Controlling your emotions in negotiations
Controlling emotions is the first step in negotiations. Don’t let people push your hot buttons in negotiations. Get what you want by negotiating. Just remember that an important part of negotiation is being able to maintain control of your emotions. Fear, anger, threats are emotional parts of negotiating.
Negotiate by not allowing people to push your hot buttons. Anyone who has ever successfully negotiated a compromise has probably controlled emotions.
An essential part of negotiating is controlling your emotions. Don’t let people push your hot buttons.
Negotiations are part of all relationships. Friends, family, spouses, lovers, co-workers all negotiate and compromise.
Controlling Your Emotions
A relationship is a series of compromises. These compromises may be proceeded by fear or anger, and even by threats. Marriage and family life are no exception.
Fear and anger are emotions. Threats may or may not be preceded by emotions. Often they are.
Emotions may sometimes get you what you want in your relationship. Often they do not.
Probably the best way to get what you want from your spouse or family is by compromise and negotiation. An important part of negotiation, however, is being able to maintain control of your emotions.
Negotiations and compromises are part of any relationship. Negotiate without emotion for best results.
You might think that you need to control the behavior of your spouse or family member. Most people do believe they need to control the behavior of the family member with whom they are negotiating.
So, contrary to what you may believe, the behavior you need to control is your own.
This means you can not let your negotiating partner(s) push your buttons. That first requires knowing what your hot buttons are.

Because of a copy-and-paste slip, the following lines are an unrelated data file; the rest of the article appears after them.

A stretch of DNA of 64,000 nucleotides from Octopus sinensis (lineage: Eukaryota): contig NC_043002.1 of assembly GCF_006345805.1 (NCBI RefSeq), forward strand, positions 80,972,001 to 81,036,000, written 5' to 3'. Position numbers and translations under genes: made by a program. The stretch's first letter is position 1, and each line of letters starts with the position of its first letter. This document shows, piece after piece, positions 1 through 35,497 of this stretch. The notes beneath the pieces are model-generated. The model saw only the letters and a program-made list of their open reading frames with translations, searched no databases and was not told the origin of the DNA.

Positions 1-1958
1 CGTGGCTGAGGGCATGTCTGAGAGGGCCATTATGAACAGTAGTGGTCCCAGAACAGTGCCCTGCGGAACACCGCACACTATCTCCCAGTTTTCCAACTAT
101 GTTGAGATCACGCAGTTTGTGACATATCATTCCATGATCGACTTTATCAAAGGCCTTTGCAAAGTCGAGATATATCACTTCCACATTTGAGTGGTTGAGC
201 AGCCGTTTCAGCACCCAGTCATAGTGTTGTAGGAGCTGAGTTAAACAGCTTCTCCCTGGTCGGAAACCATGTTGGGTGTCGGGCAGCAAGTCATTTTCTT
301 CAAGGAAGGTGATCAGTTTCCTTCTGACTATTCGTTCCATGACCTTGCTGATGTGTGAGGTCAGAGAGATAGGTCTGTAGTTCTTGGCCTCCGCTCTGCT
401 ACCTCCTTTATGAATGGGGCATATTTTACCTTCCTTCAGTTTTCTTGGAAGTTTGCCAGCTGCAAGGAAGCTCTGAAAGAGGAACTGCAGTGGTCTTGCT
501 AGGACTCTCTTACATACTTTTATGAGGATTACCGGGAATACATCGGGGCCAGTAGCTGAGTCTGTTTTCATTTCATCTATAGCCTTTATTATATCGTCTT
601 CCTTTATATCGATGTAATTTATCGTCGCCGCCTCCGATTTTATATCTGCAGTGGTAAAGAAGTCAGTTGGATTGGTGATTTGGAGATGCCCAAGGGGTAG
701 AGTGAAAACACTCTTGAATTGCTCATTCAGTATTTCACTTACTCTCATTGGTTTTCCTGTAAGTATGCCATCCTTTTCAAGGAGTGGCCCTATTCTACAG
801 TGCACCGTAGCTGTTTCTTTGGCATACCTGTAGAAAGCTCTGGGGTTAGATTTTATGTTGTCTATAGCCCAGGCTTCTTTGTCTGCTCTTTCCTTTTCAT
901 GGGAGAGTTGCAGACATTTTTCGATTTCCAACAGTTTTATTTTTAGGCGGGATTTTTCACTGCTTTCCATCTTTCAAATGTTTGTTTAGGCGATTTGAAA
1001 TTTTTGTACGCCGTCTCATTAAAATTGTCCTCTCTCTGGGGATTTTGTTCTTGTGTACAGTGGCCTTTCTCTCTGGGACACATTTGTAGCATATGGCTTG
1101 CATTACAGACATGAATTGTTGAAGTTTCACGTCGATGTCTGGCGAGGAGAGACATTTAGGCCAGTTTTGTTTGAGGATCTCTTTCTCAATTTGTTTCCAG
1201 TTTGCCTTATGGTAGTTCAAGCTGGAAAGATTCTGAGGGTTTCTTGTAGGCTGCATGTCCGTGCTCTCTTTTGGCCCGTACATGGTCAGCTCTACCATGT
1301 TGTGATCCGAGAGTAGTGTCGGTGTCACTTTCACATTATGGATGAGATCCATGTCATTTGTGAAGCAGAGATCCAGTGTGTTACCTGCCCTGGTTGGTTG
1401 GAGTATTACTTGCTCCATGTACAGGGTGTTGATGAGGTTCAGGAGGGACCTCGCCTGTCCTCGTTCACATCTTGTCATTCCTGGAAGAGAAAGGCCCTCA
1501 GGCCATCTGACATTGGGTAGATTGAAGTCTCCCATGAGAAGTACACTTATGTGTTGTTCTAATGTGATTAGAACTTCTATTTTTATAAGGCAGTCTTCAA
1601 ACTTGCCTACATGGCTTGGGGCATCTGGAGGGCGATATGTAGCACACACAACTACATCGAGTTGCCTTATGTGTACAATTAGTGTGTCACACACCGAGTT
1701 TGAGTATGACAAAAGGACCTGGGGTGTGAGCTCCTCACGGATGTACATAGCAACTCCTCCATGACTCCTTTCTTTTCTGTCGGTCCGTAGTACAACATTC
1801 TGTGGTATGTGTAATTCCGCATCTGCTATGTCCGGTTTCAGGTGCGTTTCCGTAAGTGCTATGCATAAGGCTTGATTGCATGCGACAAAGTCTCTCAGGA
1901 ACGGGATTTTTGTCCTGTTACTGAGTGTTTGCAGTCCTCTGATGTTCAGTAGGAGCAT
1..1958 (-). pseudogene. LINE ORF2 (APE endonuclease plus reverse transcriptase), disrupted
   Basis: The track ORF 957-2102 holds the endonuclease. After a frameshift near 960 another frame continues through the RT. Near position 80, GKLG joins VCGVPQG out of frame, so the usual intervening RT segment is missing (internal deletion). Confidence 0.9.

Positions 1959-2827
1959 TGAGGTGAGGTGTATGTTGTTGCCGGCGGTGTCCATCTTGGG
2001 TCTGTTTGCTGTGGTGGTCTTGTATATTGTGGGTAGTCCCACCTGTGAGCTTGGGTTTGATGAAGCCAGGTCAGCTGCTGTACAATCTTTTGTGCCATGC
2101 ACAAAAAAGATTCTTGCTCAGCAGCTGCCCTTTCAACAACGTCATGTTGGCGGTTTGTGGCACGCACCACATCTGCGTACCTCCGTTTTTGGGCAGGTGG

Then you need to be able to identify the tactics your partner can use to push your buttons and make you lose emotional control.
Normally you will find people use one of four ways to push your buttons:
1. Attacking you or yours .
2. Intimidating you by insults, harassment, or playing the part of a bully.
3. Refusal to budge. You feel like you have hit a brick wall here.
4. Deceiving you in some manner so that you give in. Deception can take the form of:
Manipulation, possibly by acting as if you have reached agreement, then adding on a demand.
If you can recognize the tactic your spouse or family member is using to push your hot buttons, you can avoid reacting by just shrugging off this tactic.
How do you shrug it off?
If someone is pushing a hot button, you need to remove yourself, mentally or physically, and regroup. It doesn’t do any good to respond when you are angry or frustrated.
Instead, pause. Take a break and go back over what has been said.
If your partner is not agreeable to a break, excuse yourself to the bathroom. Stay long enough to go over your options and cool down.
While you are cooling down, your partner is also cooling down.
To get what you want, don’t become emotional and don’t be pressured into making quick decisions.
Quick or emotional decisions are often mistakes. Don’t decide in haste. Whenever possible take time to sleep on your decisions.
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